Plant competition and resource availability in response to disturbance and fertilization

S. D. Wilson, David Tilman

Research output: Contribution to journalArticlepeer-review

322 Scopus citations

Abstract

The authors report measurements of light, soil N, and above- and belowground competition in vegetation that had received four combinations of fertilization and disturbance for 3 yr. Two levels of N addition (none and 17 g.m-2.yr) and two of soil disturbance (none and annual tilling to remove all vegetation) were applied in a factorial design in a 31-yr-old field in SE Minnesota. Over 3 yr, fertilization significantly increased productivity and tilling significantly decreased community biomass at the start of the growing season, indicating that the experimental treatments created variation in stress and disturbance. Transplants of Schizachyrium scoparium were grown with no neighbors, or with the roots of neighbors, or with all neighbors in each combination of fertility and disturbance in order to examine competition intensity. In both undisturbed and tilled plots, belowground competition was the dominant interaction in unfertilized plots, whereas both below- and aboveground competition controlled growth in fertilized plots. Intensity of aboveground competition was greatest in plots with the lowest light penetration and declined significantly with increasing light supply. Belowground competition was most intense in plots with the lowest N availability and decreased significantly with increasing N availability. Intensities of above- and belowground competition were significantly negatively correlated. The total intensity of competition did not vary with fertility, but was significantly reduced by disturbance, as was the effect of neighbor mass on transplant growth. -from Authors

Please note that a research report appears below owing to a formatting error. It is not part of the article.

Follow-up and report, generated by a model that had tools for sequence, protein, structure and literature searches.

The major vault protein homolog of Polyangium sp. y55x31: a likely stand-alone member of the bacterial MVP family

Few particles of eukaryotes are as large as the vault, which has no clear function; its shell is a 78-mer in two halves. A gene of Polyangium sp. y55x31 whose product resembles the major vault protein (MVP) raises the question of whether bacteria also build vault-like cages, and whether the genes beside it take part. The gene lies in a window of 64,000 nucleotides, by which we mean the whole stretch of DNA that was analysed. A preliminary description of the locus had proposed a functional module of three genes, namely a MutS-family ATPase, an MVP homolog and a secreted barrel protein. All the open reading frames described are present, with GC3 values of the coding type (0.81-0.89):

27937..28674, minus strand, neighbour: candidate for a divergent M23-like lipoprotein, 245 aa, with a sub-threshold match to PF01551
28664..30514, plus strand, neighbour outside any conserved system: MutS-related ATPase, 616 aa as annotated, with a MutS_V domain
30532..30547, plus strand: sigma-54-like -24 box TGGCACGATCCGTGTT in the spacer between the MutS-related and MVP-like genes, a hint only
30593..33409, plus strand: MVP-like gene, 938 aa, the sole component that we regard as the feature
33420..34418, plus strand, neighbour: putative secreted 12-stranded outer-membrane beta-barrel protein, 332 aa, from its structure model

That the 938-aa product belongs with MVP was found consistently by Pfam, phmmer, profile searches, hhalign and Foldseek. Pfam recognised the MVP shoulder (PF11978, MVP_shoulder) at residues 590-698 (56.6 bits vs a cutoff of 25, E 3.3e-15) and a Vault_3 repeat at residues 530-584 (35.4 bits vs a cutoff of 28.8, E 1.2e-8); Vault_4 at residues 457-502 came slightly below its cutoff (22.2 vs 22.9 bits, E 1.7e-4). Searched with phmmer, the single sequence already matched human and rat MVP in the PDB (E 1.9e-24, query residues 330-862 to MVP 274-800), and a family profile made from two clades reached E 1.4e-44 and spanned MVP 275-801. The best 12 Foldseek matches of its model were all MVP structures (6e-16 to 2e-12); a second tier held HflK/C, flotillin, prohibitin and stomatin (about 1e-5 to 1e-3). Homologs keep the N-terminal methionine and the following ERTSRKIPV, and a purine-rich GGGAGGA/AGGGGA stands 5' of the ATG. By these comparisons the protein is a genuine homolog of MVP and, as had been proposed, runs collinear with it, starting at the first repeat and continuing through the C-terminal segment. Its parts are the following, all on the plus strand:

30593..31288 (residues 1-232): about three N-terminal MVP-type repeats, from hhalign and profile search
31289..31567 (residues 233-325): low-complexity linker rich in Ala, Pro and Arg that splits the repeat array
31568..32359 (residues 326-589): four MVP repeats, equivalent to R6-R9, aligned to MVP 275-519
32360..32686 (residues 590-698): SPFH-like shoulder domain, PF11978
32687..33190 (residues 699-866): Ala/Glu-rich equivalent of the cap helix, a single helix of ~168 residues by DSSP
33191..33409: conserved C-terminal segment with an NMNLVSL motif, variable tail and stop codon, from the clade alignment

Original languageEnglish (US)
Pages (from-to)599-611
Number of pages13
JournalEcology
Volume74
Issue number2
DOIs
StatePublished - Jan 1 1993
Externally publishedYes

Fingerprint

Dive into the research topics of 'Plant competition and resource availability in response to disturbance and fertilization'. Together they form a unique fingerprint.

Cite this